Torontonian chases ‘best job in the world’

She’s chasing the best job in the world.

Alice Wu, a Toronto journalism graduate, heard about the job from her sister near the end of a three-month stay in Hong Kong. She created a video application, submitted it and returned to Toronto on Feb. 24.

The application features some “think-outside-the box” questions to add humour to her entry: “Is there a species out there that can rival the batfish for impersonating Mick Jagger?” she asks of the pouty-lipped sea creature.

“I tried to make my video livelier, because a couple of the ones I watched online kind of lost me,” Wu said. “I figured the best idea was to put some comedy in there.”

To date 34,000 people have applied for the so-called “Best Job in the World”: Island caretaker for Australia’s Great Barrier Reef.

The job calls for applicants to perform the duties of island caretaker for six months. In return the successful applicant receives $125,000 to explore the islands, blog about his/her experiences and essentially promote what this beautiful destination has to offer.

The application process involved submitting a 60-second online video showcasing talent and creativity. The deadline was Feb. 22.  The top 50 short-listed finalists are to be announced on March 2.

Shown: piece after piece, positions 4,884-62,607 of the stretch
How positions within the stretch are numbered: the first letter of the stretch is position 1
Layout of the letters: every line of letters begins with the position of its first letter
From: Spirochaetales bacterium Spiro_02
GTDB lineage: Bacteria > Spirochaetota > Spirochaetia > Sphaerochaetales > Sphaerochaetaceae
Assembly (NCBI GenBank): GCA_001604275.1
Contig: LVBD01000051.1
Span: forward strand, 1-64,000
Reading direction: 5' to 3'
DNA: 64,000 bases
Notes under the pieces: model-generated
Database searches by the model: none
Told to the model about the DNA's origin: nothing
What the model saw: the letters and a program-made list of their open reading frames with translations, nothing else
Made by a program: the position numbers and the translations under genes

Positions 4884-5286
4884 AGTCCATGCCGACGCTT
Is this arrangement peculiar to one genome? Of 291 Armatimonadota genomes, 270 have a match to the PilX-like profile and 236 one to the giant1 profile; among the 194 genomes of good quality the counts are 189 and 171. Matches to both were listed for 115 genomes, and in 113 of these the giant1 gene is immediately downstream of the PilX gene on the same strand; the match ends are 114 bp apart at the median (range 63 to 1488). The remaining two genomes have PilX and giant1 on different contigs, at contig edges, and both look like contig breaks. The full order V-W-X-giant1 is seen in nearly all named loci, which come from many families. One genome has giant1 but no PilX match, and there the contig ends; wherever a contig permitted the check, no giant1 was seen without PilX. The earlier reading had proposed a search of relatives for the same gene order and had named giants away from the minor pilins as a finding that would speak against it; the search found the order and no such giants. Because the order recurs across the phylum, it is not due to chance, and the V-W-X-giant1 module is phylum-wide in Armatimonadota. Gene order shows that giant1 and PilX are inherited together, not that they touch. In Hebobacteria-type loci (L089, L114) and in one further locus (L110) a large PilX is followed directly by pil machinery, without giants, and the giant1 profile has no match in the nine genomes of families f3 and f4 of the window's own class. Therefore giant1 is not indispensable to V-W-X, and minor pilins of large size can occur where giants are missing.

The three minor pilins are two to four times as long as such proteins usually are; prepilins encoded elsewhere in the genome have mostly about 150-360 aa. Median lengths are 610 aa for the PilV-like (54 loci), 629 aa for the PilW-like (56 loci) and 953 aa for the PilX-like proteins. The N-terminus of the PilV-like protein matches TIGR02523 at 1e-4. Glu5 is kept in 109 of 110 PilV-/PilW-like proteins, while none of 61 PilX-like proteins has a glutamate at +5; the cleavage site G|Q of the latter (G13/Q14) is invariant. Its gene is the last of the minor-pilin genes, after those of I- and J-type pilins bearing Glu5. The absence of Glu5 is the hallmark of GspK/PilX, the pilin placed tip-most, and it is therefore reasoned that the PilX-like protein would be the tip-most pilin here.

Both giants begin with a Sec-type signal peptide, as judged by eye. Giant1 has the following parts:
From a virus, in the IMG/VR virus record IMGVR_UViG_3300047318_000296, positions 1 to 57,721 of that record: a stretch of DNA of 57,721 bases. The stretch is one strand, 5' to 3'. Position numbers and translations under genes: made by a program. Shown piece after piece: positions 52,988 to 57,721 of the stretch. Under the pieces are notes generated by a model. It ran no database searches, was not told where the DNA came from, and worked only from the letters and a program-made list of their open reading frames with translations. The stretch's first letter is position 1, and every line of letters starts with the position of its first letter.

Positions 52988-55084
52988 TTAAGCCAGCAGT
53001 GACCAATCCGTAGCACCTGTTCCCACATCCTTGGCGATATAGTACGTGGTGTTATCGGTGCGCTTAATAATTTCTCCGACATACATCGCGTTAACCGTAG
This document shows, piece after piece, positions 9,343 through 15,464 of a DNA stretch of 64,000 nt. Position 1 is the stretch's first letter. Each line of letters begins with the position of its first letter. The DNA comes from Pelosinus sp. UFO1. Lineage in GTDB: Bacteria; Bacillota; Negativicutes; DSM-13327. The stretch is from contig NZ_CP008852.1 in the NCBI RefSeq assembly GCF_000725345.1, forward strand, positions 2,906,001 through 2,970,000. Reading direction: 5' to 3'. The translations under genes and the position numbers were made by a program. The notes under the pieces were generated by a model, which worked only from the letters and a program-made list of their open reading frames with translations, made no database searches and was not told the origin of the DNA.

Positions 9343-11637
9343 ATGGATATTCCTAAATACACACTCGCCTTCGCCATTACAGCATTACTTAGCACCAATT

Shana Pereira, Tourism Queensland’s regional director of the Americas, said that of the overwhelming number of video applications they received, the 50 short-listed choices will mostly come down to personality and presence.

“We are really looking for someone who is adventurous, charismatic, a little bit technically savvy and who’s able to promote and sell the islands of the Great Barrier Reef to a global audience,” Pereira said. “So it has to be someone that people like to watch, who is very engaging.”

Wu, who spent last summer working for CBC Radio in Halifax, ultimately strives for a career in foreign correspondence. So for her, this six-month contract on the Great Barrier Reef would be a once-in-a-lifetime opportunity. It would also make an impressive addition to her resume in a competitive industry that’s been hit hard by the economic crisis.

“In school they always tell you, ‘It’s hard to get a job, so start out small and work your way up.’ But even small is hard to get into these days,” Wu said.

Tourism Queensland received so many entries that they planned to cap the applications at 30,000, A surge in interest over the last days before deadline, however, convinced them to keep it open.

Once the 50 finalists are announced on March 2, the public can vote for a favourite video online. The most popular video will then represent the “wild card” choice, guaranteeing the applicant a spot with the 10 finalists in the interviews, which takes place from May 3-7 on the islands themselves.

Link here to view Alice Wu’s video.

Filed by Laura Godfrey

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Posted: Mar 2 2009 2:59 pm
Filed under: Arts & Life News